Home » Author Archives: Lukas Eder (page 3)

Author Archives: Lukas Eder

Lukas is a Java and SQL enthusiast developer. He created the Data Geekery GmbH. He is the creator of jOOQ, a comprehensive SQL library for Java, and he is blogging mostly about these three topics: Java, SQL and jOOQ.

An Ingenious Workaround to Emulate Sum Types in Java

Before I move on with the actual article, I’d like to give credit to Daniel Dietrich, author of the awesome Javaslang library, who has had the idea before me:                 @lukaseder try with a static method <T, T1 extends T, … Tn extends T> Seq<T> toSeq(T1 t1, …, Tn tn) { … } ...

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Dear API Designer. Are You Sure, You Want to Return a Primitive?

Some APIs are set in stone. For instance, the JDK’s. Or public APIs, like the one between a database and a database client (e.g. JDBC). This makes designing such APIs rather difficult as a lot of thinking needs to be done prior to publishing an API. Which means that being defensive when designing the API is a good choice. One ...

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Using Oracle AQ via Java 8 Streams


One of the most awesome features of the Oracle database is Oracle AQ: Oracle Database Advanced Queuing. The AQ API implements a full fledged, transactional messaging system directly in the database. In a classic architecture where the database is at the center of your system, with multiple applications (some of which written in Java, others written in Perl or PL/SQL, ...

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How to Detect Slow Queries with jOOQ

Just now, we implemented a nice little feature in jOOQ’s code generator: https://github.com/jOOQ/jOOQ/issues/4974 It detects whenever the jOOQ code generator runs a slow query to reverse engineer schema meta information. Why? In our development and integration test environment, we don’t have huge schemas with all the different performance edge cases put in place. For instance, we don’t have 5000 Oracle ...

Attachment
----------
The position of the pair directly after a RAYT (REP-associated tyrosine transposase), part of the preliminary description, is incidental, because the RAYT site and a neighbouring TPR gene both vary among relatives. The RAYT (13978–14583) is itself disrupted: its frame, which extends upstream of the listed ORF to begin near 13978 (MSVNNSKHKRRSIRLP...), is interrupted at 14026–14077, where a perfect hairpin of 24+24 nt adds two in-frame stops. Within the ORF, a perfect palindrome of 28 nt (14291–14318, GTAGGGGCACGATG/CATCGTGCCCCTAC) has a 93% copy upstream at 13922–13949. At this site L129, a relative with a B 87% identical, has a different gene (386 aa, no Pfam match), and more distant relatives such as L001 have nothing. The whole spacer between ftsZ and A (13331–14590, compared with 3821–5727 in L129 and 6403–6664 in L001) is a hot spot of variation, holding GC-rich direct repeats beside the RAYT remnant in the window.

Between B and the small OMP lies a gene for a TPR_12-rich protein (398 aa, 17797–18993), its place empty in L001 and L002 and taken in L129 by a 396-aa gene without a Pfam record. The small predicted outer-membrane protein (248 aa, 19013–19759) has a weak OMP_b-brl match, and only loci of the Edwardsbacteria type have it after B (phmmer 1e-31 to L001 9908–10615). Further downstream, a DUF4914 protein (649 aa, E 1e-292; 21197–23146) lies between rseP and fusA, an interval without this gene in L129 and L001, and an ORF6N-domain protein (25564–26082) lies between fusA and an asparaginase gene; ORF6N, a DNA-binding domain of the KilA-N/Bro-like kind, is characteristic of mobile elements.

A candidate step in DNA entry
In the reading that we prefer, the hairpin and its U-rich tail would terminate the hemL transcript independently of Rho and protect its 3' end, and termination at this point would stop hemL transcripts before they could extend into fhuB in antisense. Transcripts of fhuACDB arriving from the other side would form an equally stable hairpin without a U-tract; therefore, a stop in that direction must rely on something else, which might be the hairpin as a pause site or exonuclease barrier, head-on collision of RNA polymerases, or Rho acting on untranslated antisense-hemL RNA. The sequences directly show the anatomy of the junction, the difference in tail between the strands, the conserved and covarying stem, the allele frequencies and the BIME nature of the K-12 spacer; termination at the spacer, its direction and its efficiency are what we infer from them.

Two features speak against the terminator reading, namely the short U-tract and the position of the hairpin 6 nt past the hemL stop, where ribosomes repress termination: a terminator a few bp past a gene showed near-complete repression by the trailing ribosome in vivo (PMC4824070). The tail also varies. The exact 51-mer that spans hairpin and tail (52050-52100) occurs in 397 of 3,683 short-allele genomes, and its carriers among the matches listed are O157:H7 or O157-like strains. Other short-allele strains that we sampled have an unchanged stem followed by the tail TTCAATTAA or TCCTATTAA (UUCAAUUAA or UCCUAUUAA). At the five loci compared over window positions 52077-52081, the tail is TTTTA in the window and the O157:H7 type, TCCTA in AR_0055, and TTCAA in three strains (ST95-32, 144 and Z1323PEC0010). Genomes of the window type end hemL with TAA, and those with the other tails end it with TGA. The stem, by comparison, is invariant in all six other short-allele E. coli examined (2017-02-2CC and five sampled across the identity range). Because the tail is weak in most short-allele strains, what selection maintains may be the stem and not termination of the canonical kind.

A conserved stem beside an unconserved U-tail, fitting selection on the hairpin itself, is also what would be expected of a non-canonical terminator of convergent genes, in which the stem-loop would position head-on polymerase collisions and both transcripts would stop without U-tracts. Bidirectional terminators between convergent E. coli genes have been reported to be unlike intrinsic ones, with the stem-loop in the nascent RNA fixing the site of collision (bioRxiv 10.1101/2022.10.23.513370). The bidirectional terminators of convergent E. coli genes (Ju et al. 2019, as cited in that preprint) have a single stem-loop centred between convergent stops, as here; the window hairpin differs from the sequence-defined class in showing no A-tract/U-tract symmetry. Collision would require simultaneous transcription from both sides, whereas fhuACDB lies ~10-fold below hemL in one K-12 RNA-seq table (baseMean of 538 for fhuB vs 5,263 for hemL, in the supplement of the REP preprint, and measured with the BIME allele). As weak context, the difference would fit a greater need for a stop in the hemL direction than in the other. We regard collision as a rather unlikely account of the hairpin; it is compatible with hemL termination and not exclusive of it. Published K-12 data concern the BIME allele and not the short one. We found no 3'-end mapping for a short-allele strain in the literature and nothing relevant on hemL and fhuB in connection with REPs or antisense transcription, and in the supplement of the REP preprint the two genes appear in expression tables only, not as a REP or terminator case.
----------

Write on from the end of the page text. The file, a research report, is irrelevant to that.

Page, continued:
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How to Pattern-Match Files and Display Adjacent Lines in Java

Recently, we’ve published our article about the awesome window function support in jOOλ 0.9.9, which I believe is some of the best additions to the library that we’ve ever done. Today, we’ll look into an awesome application of window functions in a use-case that is inspired by this Stack Overflow question Sean Nguyen: How to get lines before and after ...

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Use JUnit’s expected exceptions sparingly

Sometimes, when we get pull requests for jOOQ or our other libraries, people change the code in our unit tests to be more “idiomatic JUnit”. In particular, this means that they tend to change this (admittedly not so pretty code): @Test public void testValueOfIntInvalid() { try { ubyte((UByte.MIN_VALUE) - 1); fail(); } catch (NumberFormatException e) {} try { ubyte((UByte.MAX_VALUE) + ...

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Impress Your Coworkers by Using SQL UNPIVOT!

I’ve recently encountered a very interesting question on Stack Overflow by an unnamed user. The question was about generating a table of the following form in Oracle, using a table valued function: Description COUNT ------------------- TEST1 10 TEST2 15 TEST3 25 TEST4 50 The logic that should be implemented for the COUNT column is the following: TEST1: count of employees ...

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Reactive Database Access – Part 3 – Using jOOQ with Scala, Futures and Actors

We’re very happy to continue our a guest post series on the jOOQ blog by Manuel Bernhardt. In this blog series, Manuel will explain the motivation behind so-called reactive technologies and after introducing the concepts of Futures and Actors use them in order to access a relational database in combination with jOOQ. Manuel Bernhardt is an independent software consultant with ...

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If Java Were Designed Today: The Synchronizable Interface

Java has come a long way. A very long way. And it carries with it all the “junk” from early day design decisions. One thing that has been regretted time and again is the fact that every object (potentially) contains a monitor. This is hardly ever necessary and this flaw was corrected, finally, in Java 5, when new concurrency APIs ...

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2016 Will be the Year Remembered as When Java Finally Had Window Functions!

You heard right. Up until now, the awesome window functions were a feature uniquely reserved to SQL. Even sophisticated functional programming languages still seem to lack this beautiful functionality (correct me if I’m wrong, Haskell folks). We’ve written tons of blog posts about window functions, evangelising them to our audience, in articles like: Probably the Coolest SQL Feature: Window Functions ...

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